Pioneering scientists behind gravitational wave discovery among Kavli Prize winners
Nine scientists have won the 2016 Kavli Prize for their groundbreaking work on gravitational waves, brain plasticity and atomic force microscopy.
The Kavli Prize, whose laureates are awarded every two years in Norway, recognizes researchers who have made crucial contributions to the fields of astrophysics, nanoscience and neuroscience. In each of the three categories, winners share a $1 million cash prize.
Massachusetts Institute of Technology's Rainer Weiss and California Institute of Technology's Kip Thorne and Ronald Drever took home the astrophysics prize for their pioneering work on the Laser Interferometer Gravitational-Wave Observatory, or LIGO. After a decadeslong search, LIGO in September finally detected the first direct evidence of these elusive ripples in the fabric of the cosmos.
"This discovery has in a single stroke and for the first time, validated Einstein's theory of general relatively for very strong fields," said Mats Carlsson of the Institute of Theoretical Astrophysics in Norway, chair of the astrophysics award committee, in announcing the prize Thursday. "It has established the nature of gravitational waves, demonstrated the existence of black holes with masses 30 times that of our sun, and opened a new window on the universe."
Thorne and Weiss, who were watching the award ceremony via video feed at the World Science Festival in New York City, embraced over a dining table and drew a standing ovation from the gathered scientists. The win came just days after the trio picked up the Shaw Prize in Astronomy for their work on LIGO.
Thanks to LIGO, "you can really look out into the universe with a tool you've never had before," MIT physicist Nergis Mavalvala told the audience in New York during a panel discussion following the announcement.
Mavalvala told the audience that she didn't even know what gravitational waves were in 1991 when she met Weiss (who went on to become her doctoral adviser).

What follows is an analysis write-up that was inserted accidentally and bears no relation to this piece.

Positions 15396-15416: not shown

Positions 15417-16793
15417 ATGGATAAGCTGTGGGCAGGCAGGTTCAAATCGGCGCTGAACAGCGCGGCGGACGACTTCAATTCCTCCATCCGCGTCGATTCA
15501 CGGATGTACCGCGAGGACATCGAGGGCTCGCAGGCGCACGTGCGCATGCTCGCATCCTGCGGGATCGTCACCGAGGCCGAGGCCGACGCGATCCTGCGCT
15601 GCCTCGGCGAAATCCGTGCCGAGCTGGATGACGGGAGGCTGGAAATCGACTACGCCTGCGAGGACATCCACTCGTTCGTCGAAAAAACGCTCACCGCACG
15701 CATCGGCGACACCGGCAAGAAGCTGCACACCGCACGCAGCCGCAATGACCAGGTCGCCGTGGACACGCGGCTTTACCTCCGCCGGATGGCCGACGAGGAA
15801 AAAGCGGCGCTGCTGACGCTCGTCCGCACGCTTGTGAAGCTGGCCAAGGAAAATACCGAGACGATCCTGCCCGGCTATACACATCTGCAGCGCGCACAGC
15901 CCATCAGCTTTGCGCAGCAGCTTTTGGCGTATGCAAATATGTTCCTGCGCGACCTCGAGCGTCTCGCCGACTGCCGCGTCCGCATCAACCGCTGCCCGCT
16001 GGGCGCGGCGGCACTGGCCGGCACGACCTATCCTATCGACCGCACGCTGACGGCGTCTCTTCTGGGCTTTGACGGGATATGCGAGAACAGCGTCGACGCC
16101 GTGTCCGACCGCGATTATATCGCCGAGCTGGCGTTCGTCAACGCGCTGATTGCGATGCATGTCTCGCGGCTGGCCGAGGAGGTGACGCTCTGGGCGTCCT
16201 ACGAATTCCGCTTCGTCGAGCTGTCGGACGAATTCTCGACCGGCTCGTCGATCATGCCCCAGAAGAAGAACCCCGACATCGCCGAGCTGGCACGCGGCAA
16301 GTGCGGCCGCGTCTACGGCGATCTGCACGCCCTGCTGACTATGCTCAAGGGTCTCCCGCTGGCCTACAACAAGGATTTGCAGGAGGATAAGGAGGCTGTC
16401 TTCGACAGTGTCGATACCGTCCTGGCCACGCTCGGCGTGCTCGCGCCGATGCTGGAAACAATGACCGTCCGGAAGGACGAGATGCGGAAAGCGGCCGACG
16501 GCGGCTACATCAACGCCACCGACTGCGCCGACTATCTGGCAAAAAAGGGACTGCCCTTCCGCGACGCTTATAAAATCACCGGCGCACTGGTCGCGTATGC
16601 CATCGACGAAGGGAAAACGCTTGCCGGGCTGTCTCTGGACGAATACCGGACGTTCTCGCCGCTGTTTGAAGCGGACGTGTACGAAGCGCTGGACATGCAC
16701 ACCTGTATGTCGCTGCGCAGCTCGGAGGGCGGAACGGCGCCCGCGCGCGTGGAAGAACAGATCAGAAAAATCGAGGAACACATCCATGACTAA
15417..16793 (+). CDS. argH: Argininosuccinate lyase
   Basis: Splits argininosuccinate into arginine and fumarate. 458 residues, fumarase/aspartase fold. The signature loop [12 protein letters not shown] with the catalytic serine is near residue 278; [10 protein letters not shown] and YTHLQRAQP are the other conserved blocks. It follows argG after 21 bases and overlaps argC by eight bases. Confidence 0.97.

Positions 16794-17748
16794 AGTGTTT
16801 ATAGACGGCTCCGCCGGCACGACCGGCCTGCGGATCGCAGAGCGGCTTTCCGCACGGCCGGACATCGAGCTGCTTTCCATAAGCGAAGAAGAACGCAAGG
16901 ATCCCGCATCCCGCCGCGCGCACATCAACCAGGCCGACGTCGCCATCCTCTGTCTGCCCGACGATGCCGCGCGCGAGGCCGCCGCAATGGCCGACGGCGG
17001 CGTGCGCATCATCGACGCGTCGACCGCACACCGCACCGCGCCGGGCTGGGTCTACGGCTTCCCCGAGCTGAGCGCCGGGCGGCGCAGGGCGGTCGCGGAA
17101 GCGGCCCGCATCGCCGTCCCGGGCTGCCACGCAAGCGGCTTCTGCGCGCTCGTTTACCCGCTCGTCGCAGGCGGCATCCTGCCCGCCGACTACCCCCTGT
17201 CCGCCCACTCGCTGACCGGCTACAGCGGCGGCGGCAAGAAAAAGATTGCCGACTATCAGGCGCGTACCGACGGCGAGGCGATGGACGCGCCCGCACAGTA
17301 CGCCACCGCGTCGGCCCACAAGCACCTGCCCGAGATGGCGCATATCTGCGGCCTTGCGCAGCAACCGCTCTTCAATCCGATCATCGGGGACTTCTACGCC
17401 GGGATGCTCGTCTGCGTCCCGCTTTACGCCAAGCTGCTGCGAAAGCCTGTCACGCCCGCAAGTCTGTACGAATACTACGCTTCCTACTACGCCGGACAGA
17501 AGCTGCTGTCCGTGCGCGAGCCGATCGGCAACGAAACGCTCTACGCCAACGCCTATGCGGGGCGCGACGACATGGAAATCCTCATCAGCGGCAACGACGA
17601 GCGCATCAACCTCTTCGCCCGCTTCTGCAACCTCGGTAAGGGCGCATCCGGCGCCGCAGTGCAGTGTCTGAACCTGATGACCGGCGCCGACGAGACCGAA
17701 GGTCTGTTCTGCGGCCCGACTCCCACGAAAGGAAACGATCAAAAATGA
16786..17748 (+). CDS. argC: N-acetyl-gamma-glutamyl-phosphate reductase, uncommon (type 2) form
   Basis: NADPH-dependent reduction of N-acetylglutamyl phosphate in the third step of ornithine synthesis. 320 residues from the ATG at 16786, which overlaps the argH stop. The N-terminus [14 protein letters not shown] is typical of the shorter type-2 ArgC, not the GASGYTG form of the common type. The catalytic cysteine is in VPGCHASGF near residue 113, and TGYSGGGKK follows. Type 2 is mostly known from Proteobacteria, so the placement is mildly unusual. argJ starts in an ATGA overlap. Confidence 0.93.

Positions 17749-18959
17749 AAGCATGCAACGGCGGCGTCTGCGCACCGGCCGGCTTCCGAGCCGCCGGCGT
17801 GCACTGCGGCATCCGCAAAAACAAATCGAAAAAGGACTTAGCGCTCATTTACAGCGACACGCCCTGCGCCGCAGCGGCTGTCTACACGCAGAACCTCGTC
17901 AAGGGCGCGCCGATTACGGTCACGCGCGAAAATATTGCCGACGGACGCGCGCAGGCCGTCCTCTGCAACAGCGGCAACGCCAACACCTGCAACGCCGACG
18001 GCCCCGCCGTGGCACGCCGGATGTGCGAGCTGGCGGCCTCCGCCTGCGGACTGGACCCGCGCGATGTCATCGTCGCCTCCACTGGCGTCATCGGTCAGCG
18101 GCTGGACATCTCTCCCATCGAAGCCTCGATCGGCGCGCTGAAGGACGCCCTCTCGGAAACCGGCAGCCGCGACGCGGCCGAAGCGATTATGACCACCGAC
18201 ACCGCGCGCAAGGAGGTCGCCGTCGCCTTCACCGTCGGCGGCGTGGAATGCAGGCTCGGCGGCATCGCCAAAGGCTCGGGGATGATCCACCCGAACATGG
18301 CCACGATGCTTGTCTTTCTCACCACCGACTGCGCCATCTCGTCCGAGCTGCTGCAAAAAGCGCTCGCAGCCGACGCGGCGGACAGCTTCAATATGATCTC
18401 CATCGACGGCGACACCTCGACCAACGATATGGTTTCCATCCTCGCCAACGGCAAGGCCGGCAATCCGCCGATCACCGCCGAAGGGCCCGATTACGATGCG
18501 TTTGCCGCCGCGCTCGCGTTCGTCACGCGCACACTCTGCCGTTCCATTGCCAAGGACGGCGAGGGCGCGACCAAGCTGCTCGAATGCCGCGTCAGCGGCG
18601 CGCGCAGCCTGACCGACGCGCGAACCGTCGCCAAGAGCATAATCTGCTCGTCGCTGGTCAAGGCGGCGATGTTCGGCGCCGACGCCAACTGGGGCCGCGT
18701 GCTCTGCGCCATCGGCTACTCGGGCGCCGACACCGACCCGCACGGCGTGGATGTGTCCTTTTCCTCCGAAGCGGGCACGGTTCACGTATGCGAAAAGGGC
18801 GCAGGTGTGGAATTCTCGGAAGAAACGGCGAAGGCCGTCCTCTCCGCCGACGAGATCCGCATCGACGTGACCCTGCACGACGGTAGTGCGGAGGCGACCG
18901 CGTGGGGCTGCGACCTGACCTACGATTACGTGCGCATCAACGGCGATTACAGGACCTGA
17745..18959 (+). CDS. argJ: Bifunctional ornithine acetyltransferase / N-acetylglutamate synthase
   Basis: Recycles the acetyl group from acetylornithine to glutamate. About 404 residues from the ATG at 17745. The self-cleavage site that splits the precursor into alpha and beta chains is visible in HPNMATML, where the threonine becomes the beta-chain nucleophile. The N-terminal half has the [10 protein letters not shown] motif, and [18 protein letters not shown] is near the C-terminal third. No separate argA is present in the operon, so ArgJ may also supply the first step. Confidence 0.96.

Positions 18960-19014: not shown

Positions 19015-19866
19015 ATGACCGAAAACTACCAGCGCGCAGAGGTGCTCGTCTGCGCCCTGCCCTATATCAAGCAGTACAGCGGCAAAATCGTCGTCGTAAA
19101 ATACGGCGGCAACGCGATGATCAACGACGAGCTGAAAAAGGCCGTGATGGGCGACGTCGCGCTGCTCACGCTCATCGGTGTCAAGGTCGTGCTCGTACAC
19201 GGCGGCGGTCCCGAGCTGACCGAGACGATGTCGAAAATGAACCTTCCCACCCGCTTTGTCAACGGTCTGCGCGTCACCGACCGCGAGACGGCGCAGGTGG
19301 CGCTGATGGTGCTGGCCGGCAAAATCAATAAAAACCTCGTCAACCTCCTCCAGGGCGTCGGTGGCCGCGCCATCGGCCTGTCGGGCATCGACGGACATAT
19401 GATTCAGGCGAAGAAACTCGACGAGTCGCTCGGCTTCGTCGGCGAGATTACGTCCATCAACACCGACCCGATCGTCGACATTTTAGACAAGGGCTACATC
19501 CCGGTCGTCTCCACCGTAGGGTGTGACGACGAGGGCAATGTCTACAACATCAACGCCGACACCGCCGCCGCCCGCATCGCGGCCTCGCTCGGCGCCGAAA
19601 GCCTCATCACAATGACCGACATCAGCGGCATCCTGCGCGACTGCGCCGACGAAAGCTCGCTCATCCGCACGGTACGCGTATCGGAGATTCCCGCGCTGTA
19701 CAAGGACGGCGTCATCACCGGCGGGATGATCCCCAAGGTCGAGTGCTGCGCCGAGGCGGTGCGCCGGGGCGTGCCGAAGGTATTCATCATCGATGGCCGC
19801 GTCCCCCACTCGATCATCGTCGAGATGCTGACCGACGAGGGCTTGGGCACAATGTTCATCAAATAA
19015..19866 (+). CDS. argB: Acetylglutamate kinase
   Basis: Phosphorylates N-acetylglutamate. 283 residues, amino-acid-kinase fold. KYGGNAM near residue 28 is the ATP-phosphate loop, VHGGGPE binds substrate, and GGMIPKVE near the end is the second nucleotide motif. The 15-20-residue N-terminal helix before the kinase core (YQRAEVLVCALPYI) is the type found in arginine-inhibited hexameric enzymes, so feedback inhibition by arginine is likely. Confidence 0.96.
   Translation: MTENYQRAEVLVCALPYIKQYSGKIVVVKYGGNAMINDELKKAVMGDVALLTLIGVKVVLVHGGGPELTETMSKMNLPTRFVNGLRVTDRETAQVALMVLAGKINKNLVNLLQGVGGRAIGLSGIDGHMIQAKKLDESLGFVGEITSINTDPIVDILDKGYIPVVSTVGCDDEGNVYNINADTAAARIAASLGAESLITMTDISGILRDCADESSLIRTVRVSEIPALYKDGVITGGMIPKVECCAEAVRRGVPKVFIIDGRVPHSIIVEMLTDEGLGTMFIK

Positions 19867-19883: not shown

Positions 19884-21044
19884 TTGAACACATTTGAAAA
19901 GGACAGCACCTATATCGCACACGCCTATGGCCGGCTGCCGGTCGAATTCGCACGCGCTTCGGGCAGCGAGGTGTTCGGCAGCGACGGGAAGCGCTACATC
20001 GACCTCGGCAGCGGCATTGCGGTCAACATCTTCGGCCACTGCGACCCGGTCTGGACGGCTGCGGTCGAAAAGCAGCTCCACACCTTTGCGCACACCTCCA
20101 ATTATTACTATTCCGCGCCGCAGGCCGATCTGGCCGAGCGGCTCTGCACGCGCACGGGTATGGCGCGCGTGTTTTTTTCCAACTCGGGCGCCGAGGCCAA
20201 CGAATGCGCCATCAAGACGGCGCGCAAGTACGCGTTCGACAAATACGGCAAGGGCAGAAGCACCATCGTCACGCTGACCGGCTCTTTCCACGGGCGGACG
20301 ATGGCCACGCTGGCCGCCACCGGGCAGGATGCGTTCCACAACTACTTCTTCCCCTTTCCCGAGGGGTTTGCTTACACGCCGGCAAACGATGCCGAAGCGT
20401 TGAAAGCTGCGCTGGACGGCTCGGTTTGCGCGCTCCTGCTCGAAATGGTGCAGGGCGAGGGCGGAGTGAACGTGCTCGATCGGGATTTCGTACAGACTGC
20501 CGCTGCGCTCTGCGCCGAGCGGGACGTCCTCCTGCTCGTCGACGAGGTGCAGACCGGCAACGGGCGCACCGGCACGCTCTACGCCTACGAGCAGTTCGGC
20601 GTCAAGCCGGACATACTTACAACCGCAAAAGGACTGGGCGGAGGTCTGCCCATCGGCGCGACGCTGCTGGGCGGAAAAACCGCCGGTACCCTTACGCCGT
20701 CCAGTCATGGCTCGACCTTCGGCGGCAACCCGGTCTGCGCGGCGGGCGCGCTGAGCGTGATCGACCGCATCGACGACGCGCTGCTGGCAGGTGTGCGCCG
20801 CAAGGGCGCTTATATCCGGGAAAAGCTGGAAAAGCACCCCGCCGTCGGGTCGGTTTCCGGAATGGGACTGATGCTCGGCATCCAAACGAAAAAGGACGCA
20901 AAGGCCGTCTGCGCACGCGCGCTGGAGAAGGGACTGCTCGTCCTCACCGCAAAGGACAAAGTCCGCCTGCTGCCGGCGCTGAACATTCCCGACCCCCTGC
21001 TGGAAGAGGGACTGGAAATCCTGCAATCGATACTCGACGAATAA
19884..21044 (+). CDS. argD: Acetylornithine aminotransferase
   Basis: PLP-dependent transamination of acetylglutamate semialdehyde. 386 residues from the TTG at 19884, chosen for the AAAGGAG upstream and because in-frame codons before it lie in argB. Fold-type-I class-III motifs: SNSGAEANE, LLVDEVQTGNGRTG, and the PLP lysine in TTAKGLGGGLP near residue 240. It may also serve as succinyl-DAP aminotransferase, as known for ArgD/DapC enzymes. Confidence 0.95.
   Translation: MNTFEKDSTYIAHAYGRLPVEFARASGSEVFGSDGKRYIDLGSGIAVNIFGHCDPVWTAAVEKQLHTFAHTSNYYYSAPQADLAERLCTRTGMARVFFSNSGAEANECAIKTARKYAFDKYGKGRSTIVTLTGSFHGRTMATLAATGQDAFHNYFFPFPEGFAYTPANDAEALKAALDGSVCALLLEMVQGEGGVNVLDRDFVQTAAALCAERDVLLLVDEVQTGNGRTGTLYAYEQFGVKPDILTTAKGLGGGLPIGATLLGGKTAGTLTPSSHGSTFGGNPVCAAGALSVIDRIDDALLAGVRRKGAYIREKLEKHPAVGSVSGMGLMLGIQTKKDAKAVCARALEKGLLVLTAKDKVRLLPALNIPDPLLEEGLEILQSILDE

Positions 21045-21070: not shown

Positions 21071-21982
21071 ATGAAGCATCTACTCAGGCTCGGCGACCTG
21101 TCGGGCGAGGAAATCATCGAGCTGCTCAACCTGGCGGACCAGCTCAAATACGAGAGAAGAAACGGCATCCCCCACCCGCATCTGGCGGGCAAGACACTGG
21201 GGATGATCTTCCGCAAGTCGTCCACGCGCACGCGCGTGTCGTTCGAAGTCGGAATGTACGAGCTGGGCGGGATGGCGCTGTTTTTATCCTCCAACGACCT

"He told me what he was trying to do and I thought it was totally insane," Mavalvala said. (In spite of her apparent skepticism, the 2010 MacArthur "genius" grant recipient ended up working on LIGO too.)
Weiss initially came up with the concept for the detector; Thorne, who met Weiss when they shared a hotel room, was a theorist by training and recruited Drever from Scotland, who was known as a talented experimentalist.
"The first time we actually understood that the signals are out there and measurable came really from the work of Kip - the measurable part," Mavalvala said.
Gerd Binnig, formerly of the IBM Zurich Research Laboratory, Christoph Gerber of the University of Basel and Calvin Quate of Stanford University earned the nanoscience award for developing the atomic force microscope, an instrument that allows researchers to examine a surface practically atom by atom.
"Based on this technique, sculpting and analyzing nanoscale structures is now widely used in the fields of physics, chemistry, biology and materials science," said Arne Brataas of the Norwegian University of Science and Technology, chair for the nanoscience award.
Michal Lipson, an expert in silicon photonics at Columbia University who also won a MacArthur grant in 2010, emphasized the importance of the Kavli winners' contribution to a vast array of scientific disciplines.
"There is not a single center without this AFM, atomic force microscope," she said at the panel discussion. "This is a must, it is a tool that all of us use all of the time. So it has completely enabled nanotechnology to be what it is today."
Eve Marder of Brandeis University, Michael Merzenich of the University of California, San Francisco and Stanford's Carla Shatz won the neuroscience prize for their individual lines of work on the ways that experience and neural activity can reshape brain function.
Our brains are constantly responding and adapting to experience - making them incredibly plastic - and yet our personalities and behaviors somehow manage to remain largely stable, said Ole Petter Ottersen of the University of Oslo, the neuroscience chair.
"It is the elucidation of this delicate balance between plasticity and stability that we celebrate," he said of the laureates' work.
For a long time, researchers thought that babies' and children's brains were capable of incredible plasticity and growth, but that adults' brains had a largely fixed architecture. The three scientists showed that the adult brain can be far more flexible and adaptable than previously thought - which opens the door to new treatments for all kinds of neurological conditions.
"The picture of how we experience the world around us has been utterly redrawn," Ottersen added.
The Kavli Prize is a joint effort by the Norwegian Academy of Science and Letters, the U.S.-based Kavli Foundation and the Norwegian Ministry of Education and Research.
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